A Gentleman’s Agreement

Connie Chastain posted a challenge from Carl Roden on her blog. In that challenge, Carl agrees that if the answers to his questions (below) are adequate, that he will stop complaining. Connie wants comments on her blog so go there if you wish. Google Blogger is pretty limited in how much text you can write in a comment box, so I thought it best to post my reply here. Below is Carl’s challenge. Below that is my answer.


 A Simple Challenge

By Carl W. Roden (esq) ~ The man the Deniers fear the most.

I address this one to those who oppose the continued display of our Southern Cross banner, and condemn those of us who make the “horrible sin” of honoring it and the good memories of our honored Southern dead.

I would like to issue a personal challenge to one of you, one I welcome you to respond to on this forum…with your permission David.

My challenge is simple: I will concede the entire issue of the display of the Southern Cross banner – and effectively quit Southern heritage defense on facebook and other media online – if any member of the politically correct Establishment, Floggersphere, or any one of their useful idiots, can answer the following questions both logically and in such a way that the overall answer cannot be disputed rationally.

(1) How would the removal of the Southern Cross banner accomplish in any way, shape, or form – beyond a meaningless “symbolic gesture” – the advancement of Black Americans socially, academically, and morally?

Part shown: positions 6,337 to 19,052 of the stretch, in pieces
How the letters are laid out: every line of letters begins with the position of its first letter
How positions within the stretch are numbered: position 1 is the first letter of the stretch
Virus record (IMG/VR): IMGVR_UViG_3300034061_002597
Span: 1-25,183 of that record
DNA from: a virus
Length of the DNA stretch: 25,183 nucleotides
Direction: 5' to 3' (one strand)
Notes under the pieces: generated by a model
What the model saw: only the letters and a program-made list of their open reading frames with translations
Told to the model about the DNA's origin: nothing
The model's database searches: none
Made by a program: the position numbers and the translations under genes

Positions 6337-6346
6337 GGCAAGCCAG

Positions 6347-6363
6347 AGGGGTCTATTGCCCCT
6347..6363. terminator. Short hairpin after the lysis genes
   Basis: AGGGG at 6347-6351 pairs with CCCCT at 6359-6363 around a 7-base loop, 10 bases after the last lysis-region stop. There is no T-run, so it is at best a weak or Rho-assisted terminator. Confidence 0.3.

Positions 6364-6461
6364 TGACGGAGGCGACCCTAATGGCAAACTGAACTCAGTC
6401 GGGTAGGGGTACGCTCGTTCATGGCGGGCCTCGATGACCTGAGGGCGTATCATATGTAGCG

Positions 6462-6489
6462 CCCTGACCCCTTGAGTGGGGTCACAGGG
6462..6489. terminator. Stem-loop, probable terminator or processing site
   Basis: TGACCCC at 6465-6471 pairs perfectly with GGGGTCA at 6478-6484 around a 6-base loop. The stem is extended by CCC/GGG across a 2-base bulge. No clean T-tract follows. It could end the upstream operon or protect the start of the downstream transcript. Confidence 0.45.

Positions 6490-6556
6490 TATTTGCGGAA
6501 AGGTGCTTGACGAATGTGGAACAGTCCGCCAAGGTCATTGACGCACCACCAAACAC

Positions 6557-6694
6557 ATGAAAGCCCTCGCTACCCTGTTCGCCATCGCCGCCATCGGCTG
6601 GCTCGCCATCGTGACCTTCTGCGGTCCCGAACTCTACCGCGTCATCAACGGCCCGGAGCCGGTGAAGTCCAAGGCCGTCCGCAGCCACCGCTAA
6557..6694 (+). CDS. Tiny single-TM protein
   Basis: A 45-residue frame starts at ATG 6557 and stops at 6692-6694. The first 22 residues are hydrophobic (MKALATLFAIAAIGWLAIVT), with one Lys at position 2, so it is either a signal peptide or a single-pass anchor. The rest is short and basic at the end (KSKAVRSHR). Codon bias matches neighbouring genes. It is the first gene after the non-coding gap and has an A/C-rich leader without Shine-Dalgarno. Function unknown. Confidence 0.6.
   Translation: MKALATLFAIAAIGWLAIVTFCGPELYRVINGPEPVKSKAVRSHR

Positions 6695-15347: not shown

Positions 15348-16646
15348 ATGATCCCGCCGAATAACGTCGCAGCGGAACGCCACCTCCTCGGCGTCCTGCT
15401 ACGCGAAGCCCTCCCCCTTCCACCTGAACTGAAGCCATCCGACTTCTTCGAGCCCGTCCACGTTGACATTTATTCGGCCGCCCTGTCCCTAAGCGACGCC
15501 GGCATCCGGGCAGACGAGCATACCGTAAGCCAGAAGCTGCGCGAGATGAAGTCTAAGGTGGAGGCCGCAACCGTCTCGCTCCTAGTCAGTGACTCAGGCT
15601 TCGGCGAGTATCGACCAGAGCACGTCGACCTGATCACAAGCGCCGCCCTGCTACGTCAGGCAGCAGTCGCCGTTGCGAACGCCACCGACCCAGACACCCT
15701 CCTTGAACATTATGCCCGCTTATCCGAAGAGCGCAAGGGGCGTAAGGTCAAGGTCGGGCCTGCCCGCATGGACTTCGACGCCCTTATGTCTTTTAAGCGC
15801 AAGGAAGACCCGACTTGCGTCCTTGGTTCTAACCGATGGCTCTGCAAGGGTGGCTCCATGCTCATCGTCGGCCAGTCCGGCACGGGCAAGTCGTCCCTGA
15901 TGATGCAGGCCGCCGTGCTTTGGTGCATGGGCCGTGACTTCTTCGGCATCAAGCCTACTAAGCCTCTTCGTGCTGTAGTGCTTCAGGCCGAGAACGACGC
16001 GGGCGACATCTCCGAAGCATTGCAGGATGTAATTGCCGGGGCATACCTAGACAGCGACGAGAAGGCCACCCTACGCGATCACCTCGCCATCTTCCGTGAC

(2) How would that flag’s removal and social condemnation reasonably constitute any significant victory over any lingering social injustice in America, or effectively strike a serious blow against bigotry?

(3) How does labeling the majority of people in America who honor that flag free of racial intent along with the handful who denigrate it as a racially charged symbol not in any way constitute an act of hate and bigotry itself on the part of the flag’s opponents, or taint their own “good intentions”?

(4) What is to gain from the continued status quo thinking of those same people in regards to labeling that flag a symbol of evil?

(5) Why would it not be better in the long run to advance realistic efforts to teach people – particularly young people – not to hate or fear the display of Southern Cross banner, or the people who honor it correctly, as a more effective way of taking away the power that flag – in the wrong hands – to offend another human being?

Well, there y’all go. If you can offer a reasonable, common sense response with flawless logic (I will settle for circular logic since it might be the best y’all can manage) to each of those questions. One that:

(A) Offers NO contradictions.
(B) That expressly explains how efforts to end a racial identity view of that flag are pointless.
(C) Reasonably makes the point that the “right answer” is to do away with that flag forever from public display and concede it to its historical negatives.

So, I leave it to you, the intellectuals, the so-called “Progressives” and “forward-thinkers” here’s your chance to educate, to offer enlightenment to the filthy masses (or at the very least get rid of me, a simple country writer from South Carolina)….thrill me with your arguments.


How can one answer any question ripe with logical fallacies adequately? Most of the questions are loaded and stand on a false premise. But here is a shot at it:

(1) How would the removal of the Southern Cross banner accomplish in any way, shape, or form – beyond a meaningless “symbolic gesture” – the advancement of Black Americans socially, academically, and morally?